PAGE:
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24th December 2023 > > Nigeria.


tl;dr

Nigeria is the latest country to row back on crypto restrictions, for the benefit of all its citizens.


Market Snap








Market Wrap

Seeing as its already Christmas day here in Australia, I don’t feel any pressure to write about markets, because do you know what is going on? Nothing, zilch, nada, kiiny.


Curious Cryptos’ Commentary – Nigeria

Nigeria used to be a global leader in the “banning” of cryptos. At one stage, taking a cue from ChokePoint 1 and 2, banks were ordered to close the accounts of all crypto-related firms. The local regulator was told to outlaw any crypto related activities, and personal ownership of cryptos was made illegal.


These series of steps led to the obvious (obvious to us, not to the lawmakers) result that the local price of BTC soared to premiums of 100% or more, whilst transactions reverted to the P2P model which we saw in the UK and the US before centralised cryptocurrency exchanges became fully established.


Jumping on the CBDC bandwagon (the one that is currently occupied by all countries other than the US, Switzerland, and Slovenia) the political elite appeared to have fallen victim to the fallacious argument that a state-sponsored non-crypto digital currency would be able to fulfil all the functions of a private, permissionless, and trustless blockchain solution. Ah, bless them, and all the other politicians (looking at you Convicted Criminal Christine Lagarde) who believe this to be true. The naivety on display is very sweet.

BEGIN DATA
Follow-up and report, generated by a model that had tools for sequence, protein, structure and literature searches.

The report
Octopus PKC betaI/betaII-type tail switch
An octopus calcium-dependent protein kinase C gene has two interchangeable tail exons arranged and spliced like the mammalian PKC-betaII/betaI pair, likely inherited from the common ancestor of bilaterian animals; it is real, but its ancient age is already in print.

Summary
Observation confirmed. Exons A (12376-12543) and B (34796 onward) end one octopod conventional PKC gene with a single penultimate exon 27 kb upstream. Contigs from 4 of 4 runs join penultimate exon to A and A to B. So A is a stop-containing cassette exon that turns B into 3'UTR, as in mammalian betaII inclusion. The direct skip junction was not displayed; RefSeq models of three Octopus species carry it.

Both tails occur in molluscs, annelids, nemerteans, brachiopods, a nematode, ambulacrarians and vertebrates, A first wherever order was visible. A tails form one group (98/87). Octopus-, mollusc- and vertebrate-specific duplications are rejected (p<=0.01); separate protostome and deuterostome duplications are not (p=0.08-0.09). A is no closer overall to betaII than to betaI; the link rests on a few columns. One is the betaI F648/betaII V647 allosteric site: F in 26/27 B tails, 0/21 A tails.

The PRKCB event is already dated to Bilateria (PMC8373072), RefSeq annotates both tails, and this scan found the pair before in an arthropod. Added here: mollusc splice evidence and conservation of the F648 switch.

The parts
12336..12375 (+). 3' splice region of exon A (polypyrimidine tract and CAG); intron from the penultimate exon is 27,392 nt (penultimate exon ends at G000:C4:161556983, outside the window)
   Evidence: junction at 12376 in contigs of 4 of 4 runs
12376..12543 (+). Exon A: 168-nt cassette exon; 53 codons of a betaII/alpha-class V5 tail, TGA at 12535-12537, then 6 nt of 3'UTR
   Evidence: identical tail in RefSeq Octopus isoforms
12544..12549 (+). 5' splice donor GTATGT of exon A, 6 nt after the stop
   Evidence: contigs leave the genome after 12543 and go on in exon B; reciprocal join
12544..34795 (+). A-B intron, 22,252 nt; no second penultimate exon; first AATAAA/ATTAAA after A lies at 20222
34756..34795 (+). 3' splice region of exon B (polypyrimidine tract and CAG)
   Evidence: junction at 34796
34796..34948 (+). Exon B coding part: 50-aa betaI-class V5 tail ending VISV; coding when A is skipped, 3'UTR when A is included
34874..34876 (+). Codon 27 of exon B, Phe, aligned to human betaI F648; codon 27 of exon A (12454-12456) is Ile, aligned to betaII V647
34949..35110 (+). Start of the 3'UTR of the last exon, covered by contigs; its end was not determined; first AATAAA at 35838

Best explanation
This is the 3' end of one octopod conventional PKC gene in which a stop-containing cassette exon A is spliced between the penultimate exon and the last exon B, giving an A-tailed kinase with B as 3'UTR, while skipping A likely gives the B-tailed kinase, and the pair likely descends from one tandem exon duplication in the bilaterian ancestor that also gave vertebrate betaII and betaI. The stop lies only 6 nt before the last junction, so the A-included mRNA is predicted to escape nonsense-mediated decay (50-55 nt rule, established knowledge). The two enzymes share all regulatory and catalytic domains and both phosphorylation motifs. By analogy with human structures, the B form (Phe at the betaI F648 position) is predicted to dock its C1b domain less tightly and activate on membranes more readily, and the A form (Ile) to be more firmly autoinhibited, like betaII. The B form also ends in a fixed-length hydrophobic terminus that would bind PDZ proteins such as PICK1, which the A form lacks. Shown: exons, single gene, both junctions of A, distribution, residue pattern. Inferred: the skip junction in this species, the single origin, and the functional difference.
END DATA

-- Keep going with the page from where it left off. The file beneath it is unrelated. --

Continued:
It has been reported in Nigeria (https://businessday.ng/technology/cryptocurrency/article/cbn-lifts-restrictions-on-crypto-exchanges-issues-guidelines/) that an about-turn is about to happen. The Central Bank of Nigeria has lifted restrictions on VASPS, though with certain restrictions, including an up-front deposit of N500mm, approximately $500k. This requirement has nothing to do with the current lack of Naira in circulation in the economy, even though the Naira has fallen by 100% or more against the dollar in just the last twelve months. Supply restrictions of a commodity (all currencies are commodities) accompanied by continuing price falls is a weird situation that is probably unprecedented in financial history.


Kudos though to the political elite in Nigeria who are looking for creative solutions to their economic woes other than rampant money-printing, the default option for the US, the UK, and the EU.


Will cryptos solve their problems? Probably not without other measures, but cryptos can turbocharge the positive impact of other supply-side reforms.

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